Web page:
The ANA claims that without this information, consumers would have to start paying for content that they now get for free, which would “significantly reduce the diversity of Internet offerings and potentially cheat society of the robust offerings that are currently available.”
Elsewhere, the Direct Marketing Association says, in support of tracking users online, that, “Consumers love getting what they want—information, products, benefits, upgrades—when they want it… There is no evidence that data-driven marketing harms consumers in any way.”
The ANA letter was signed by a host of companies, including Adobe, Allstate Insurance, American Express, AT&T, Bank of America, Coca-Cola, ConAgra Foods, Dell, IBM, Intel, Fidelity Investments, Ford, GE, General Mills, GM, Johnson & Johnson, Kellogg, Liberty Mutual, McDonald's, MillerCoors, Motorola, Nestlé USA, PulteGroup, Procter & Gamble, Siemens, Subway, Toyota, Unilever, Verizon, VISA and WalMart.
It’s very nice of the ANA to point out the companies who think that information about your Web viewing habits is rightfully theirs. Especially since the ANA and other industry groups are now saying that “it would not require members to honor the forthcoming [Microsoft] browser’s don’t-track-me signals.”
That decision will no doubt go over well with users of IE 10 who really don’t want to be tracked. Somehow I don't think those folks are going to be blaming Microsoft for violating their do not track wishes.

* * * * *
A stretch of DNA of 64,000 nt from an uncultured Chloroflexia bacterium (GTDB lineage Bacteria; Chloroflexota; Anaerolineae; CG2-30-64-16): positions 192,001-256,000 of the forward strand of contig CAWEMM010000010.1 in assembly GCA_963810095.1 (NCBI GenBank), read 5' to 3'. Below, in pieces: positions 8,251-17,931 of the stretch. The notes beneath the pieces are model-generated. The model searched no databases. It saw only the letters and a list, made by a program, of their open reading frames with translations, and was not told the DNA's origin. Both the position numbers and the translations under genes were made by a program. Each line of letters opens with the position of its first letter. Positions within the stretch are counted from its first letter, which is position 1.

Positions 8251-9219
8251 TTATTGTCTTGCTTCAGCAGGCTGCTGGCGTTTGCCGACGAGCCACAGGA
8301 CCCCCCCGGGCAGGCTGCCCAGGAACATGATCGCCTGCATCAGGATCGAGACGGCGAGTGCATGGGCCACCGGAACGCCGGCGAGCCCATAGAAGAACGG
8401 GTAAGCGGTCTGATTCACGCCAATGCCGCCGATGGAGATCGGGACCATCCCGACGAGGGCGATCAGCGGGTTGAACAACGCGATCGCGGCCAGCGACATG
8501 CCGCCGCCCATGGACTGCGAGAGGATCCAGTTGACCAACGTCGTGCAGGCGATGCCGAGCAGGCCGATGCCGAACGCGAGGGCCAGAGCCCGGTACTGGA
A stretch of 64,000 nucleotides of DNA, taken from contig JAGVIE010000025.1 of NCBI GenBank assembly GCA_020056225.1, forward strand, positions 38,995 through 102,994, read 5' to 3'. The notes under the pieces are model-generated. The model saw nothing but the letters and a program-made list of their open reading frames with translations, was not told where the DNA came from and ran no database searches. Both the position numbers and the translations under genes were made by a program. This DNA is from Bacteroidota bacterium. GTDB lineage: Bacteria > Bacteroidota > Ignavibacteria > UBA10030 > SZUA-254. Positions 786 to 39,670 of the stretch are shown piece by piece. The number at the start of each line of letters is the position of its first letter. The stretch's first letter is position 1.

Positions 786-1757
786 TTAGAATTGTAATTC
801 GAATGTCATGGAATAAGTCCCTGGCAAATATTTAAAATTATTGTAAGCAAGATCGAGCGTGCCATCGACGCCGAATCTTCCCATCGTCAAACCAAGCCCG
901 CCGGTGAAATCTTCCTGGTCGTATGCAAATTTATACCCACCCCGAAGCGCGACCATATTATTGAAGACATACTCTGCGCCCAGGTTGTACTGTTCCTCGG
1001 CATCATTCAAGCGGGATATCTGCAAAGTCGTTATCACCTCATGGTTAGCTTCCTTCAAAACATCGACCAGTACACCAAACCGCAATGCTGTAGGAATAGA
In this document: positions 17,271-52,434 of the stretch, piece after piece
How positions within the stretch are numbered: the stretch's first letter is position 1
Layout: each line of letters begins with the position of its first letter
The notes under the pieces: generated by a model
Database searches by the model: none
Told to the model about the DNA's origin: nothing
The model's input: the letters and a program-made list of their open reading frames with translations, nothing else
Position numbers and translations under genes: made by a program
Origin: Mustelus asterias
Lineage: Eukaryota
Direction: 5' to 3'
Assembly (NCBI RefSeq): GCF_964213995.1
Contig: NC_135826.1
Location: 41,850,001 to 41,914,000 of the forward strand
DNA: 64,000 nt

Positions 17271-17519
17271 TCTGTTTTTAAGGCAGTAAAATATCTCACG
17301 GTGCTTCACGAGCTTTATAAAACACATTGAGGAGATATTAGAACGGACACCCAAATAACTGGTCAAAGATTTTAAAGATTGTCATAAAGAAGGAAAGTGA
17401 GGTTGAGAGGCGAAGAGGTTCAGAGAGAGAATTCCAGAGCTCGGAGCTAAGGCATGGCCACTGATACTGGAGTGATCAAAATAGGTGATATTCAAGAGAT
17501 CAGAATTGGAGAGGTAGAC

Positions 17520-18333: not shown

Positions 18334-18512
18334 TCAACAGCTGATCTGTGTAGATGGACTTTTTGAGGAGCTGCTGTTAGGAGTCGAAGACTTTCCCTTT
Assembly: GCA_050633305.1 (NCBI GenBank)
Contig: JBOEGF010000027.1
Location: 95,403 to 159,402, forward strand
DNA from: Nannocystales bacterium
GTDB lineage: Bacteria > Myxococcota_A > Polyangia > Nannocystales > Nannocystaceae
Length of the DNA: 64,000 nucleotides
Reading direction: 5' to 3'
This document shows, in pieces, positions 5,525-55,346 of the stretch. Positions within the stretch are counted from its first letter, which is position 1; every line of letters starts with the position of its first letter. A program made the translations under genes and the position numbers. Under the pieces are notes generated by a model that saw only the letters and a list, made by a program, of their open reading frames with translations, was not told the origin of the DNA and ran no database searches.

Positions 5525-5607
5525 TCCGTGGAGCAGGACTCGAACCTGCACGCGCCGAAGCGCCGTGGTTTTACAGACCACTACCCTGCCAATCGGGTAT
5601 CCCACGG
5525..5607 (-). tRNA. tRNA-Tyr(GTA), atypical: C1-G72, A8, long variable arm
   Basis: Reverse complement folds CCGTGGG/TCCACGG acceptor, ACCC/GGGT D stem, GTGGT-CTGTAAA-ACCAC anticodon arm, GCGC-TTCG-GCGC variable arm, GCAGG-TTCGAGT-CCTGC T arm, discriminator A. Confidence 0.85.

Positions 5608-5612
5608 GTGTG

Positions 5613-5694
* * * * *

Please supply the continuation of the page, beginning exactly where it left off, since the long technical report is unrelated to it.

It should be said that websites currently have no legal obligation to honor browser do not track requests. The European Union, however, is thinking hard about changing that situation, at least for EU residents. Right now, EU companies with an online presence need to get user consent to install cookies. It isn't much of a leap to require do-not-track requests be honored.
What the advertising industry says it wants in exchange for them voluntary honoring users' do-not-track requests, the Times reports, is for online users to have to choose to set their browsers to “do not track” as well as a requirement that when they do change their browser to that setting, they automatically get a warning message telling about “the potential effects of eschewing tailored ads.” In effect, it wants a pet that follows you around the Internet that constantly barks at you whenever you don’t feed it your browsing data.
Of course, if the members ANA and other advertising industry groups are truly serious, they should state unequivocally that they will completely abandon all advertising on the Internet if Microsoft's and other browsers insist on making do not track the default setting.
I can hardly wait for that announcement.
Contributing Editor Robert N. Charette is an acknowledged international authority on information technology and systems risk management. A self-described “risk ecologist,” he is interested in the intersections of business, political, technological, and societal risks. Along with being editor for IEEE Spectrum’s Risk Factor blog, Charette is an award-winning author of multiple books and numerous articles on the subjects of risk management, project and program management, innovation, and entrepreneurship. A Life Senior Member of the IEEE, Charette was a recipient of the IEEE Computer Society’s Golden Core Award in 2008.